People who are looking to get into 3D printing prioritise getting the right 3D printer to match their needs and budget, but what they don’t pay enough attention to is the filament they’ll feed through it. After all, all plastic is just plastic, so something that prints okay and is affordable makes sense, right? That’s how most people look at 3D printer filaments, which is understandable. If you’re inexperienced and haven’t seen the good, the bad and the dangerous “tricks of the trade” that go into this relatively new and sleepy industry of 3D consumables, figuring things out on your own can take a lot of trial and error. To save you the trouble, here are the most popular 3D printing filaments explained.
PLA Filament for 3D Printing
PLA, or polylactic acid, is a polymer made from materials like cornstarch and sugarcane. The material is similar to the one used for biodegradable plastic packaging. PLA has a melting point of 180°C-200°C depending on the other materials added into it for colour and texture. Even though PLA is a tough, resilient material with matte, opaque quality, it isn’t as tolerant as ABS filament. When exposed to temperatures of 60°C, PLA filament will deform. Further, it isn’t water- or chemical-resistant. While you can feel a slight odour when it’s heated, PLA doesn’t release any harmful vapours. PLA filament for 3D printing is easy to print with when compared to ABS filament, and it’s biodegradable and slowly consumed by bacteria. There are chemicals you can use to make it less brittle and more heat tolerant. Without additives, PLA is brittle and it isn’t food safe.
ABS Filament for 3D Printing
ABS, or acrylonitrile butadiene styrene, is the type of plastic used for manufacturing Legos. It’s non-toxic, retails colours well and is incredibly tough. It melts and becomes pliable at 220°C, making it tough to break. Nevertheless, it’s easily shaped, making it suitable for 3D printing applications. as long as you have a large enough heater to melt it. In other words, you’ll need a 3D printer with a heating bed, otherwise, it would stick on a hot print bed. Unlike PLA filament, ABS is water- and chemical-resistant. On the downside, it produces unpleasant odours when heated, and the vapours contain some nasty chemicals, so it’s important to have a ventilation system in place. Further, ABS breaks down to UV radiation, making it unsuitable for printing objects that are going to be exposed to the sun.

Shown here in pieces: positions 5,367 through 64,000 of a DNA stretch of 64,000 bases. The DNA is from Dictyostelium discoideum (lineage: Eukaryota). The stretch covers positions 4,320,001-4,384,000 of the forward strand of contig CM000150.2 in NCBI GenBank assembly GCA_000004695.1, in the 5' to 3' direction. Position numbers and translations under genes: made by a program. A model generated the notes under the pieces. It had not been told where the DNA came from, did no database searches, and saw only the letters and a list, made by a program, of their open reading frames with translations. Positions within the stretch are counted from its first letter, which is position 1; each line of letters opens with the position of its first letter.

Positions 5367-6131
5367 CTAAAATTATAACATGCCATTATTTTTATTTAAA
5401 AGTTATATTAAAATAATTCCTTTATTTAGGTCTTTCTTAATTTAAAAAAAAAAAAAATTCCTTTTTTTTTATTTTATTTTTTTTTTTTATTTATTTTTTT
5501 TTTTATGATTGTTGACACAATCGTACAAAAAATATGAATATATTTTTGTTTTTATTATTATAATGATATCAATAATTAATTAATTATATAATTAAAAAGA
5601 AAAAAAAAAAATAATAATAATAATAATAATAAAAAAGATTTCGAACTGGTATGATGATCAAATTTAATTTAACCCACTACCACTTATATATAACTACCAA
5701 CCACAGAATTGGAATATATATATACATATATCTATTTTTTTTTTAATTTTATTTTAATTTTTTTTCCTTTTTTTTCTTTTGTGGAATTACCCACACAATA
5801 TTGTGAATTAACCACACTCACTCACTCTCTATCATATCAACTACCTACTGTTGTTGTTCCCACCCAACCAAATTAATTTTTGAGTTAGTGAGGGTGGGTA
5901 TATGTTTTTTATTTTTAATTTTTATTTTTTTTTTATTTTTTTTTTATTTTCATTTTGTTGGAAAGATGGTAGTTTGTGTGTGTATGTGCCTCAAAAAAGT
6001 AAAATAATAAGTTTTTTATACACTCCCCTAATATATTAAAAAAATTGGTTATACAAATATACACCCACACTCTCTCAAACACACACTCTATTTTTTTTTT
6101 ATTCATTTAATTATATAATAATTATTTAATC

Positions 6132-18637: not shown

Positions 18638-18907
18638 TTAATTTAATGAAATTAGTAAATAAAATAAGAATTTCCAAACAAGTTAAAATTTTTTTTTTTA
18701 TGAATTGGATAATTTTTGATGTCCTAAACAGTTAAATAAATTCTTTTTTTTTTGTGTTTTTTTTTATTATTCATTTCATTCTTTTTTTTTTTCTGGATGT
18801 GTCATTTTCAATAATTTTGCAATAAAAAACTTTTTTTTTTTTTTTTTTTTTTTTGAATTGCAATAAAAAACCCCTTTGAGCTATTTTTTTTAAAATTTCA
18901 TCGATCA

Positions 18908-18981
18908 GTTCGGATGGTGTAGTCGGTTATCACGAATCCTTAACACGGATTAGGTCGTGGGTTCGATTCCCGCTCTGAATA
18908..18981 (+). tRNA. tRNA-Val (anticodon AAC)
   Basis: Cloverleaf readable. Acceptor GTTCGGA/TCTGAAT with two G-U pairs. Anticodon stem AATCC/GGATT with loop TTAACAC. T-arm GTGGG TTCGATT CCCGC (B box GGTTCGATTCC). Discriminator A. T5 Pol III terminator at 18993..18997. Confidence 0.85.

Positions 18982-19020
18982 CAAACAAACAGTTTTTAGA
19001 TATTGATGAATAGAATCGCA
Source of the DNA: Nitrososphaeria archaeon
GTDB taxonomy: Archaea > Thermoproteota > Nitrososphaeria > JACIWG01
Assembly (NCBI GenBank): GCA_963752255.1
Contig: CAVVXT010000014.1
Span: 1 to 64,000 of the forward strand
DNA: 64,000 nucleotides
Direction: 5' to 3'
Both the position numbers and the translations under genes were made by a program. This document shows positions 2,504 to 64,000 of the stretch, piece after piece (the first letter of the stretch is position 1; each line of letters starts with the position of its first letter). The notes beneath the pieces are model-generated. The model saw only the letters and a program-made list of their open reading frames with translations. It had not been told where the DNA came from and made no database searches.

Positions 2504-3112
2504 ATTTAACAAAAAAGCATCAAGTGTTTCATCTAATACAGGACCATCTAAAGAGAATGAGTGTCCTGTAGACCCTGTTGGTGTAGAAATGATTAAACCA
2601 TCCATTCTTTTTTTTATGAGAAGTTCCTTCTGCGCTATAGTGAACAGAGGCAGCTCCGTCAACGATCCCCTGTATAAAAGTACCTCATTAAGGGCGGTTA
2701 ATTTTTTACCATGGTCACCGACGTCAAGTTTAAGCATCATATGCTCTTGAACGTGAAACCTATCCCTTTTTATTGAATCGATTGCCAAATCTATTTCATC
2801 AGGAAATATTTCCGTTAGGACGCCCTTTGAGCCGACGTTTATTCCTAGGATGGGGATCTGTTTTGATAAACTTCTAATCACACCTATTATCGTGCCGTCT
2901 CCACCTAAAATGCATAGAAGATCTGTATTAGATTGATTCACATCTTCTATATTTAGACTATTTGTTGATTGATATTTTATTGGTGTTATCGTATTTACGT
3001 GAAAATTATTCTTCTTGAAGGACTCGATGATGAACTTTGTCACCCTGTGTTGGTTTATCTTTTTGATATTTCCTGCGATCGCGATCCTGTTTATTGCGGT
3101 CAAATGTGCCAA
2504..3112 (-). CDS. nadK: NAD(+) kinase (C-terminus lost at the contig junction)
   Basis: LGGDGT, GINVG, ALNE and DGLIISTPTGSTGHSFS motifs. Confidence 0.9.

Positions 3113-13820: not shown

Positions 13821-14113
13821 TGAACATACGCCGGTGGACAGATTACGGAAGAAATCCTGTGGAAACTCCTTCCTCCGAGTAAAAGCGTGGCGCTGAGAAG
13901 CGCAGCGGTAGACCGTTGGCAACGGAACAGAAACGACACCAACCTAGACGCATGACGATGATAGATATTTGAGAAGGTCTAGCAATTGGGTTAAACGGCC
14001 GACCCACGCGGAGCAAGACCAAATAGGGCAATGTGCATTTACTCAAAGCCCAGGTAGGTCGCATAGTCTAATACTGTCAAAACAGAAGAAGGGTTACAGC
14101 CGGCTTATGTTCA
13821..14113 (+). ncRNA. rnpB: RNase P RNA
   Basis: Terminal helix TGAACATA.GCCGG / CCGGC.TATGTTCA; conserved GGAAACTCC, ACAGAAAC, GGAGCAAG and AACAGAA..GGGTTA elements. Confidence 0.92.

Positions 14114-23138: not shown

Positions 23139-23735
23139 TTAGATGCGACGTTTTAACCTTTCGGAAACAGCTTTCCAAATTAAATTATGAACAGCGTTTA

PETG Filament for 3D Printing
PET, or polyethylene terephthalate, is similar to the polyester used to manufacture clothes. It has a melting point of 230°C, but it cools into a rigid solid that resembles glass. You can dye PET, and it will maintain its glass-like properties. Raw PET is almost never used in 3D printing, but its PETG variant is becoming a popular filament. The difference between PET and PETG is the addition of glycol-modified. PETG is strong and resilient, but it has to be printed slowly to make sure the layers adhere correctly. It’s very durable and prints without releasing any odours. By adding glycol into PET, the brittle properties are removed, making PETG strong, but not brittle, and giving it properties such as low shrinkage and no warping.
TPU Filament for 3D Printing
TPU, or thermoplastic polyurethane, is a variety of TPE, a popular 3D printing filament. TPU is more rigid than TPE, making it easier to print with. Additionally, it’s better at retaining its elasticity in cold conditions and is overall more durable. Some of the most notable properties of TPU include elasticity, transparency, resistance to oil, abrasion and grease. TPU has a printing temperature range of 225°C-235°C. Further, it doesn’t stick easily on the build platform, it doesn’t require a heated print bed, and has low shrinkage during cooling. On the downside, it has a tendency to squeeze out of the extruder from all directions, and it requires fine-tuning of the nozzle temperature.
No matter what type of filament you end up going for, make sure you’re buying from a company that offers enough information about their filament upfront. Look for specifics about their filament, as that will hold them more accountable. The filament you choose should have tighter than average tolerance (around 0.03mm+/-), but that still doesn’t guarantee quality. Compare the strength and hardness of a few different filaments by ordering samples of the filament.
Further, the filament supplier should provide you with easy-to-understand and clear printing settings. Things like nozzle temperature, fan speed, bed surface and material-specific considerations should be included. These instructions should save you time and provide you with a reference point when contacting customer support if things don’t go right. The packaging you get will also help you decide whether a supplier is worth it or not – the filament should be sealed with a desiccant at a minimum in order to keep it cooler, fresh and away from damaging UV lights.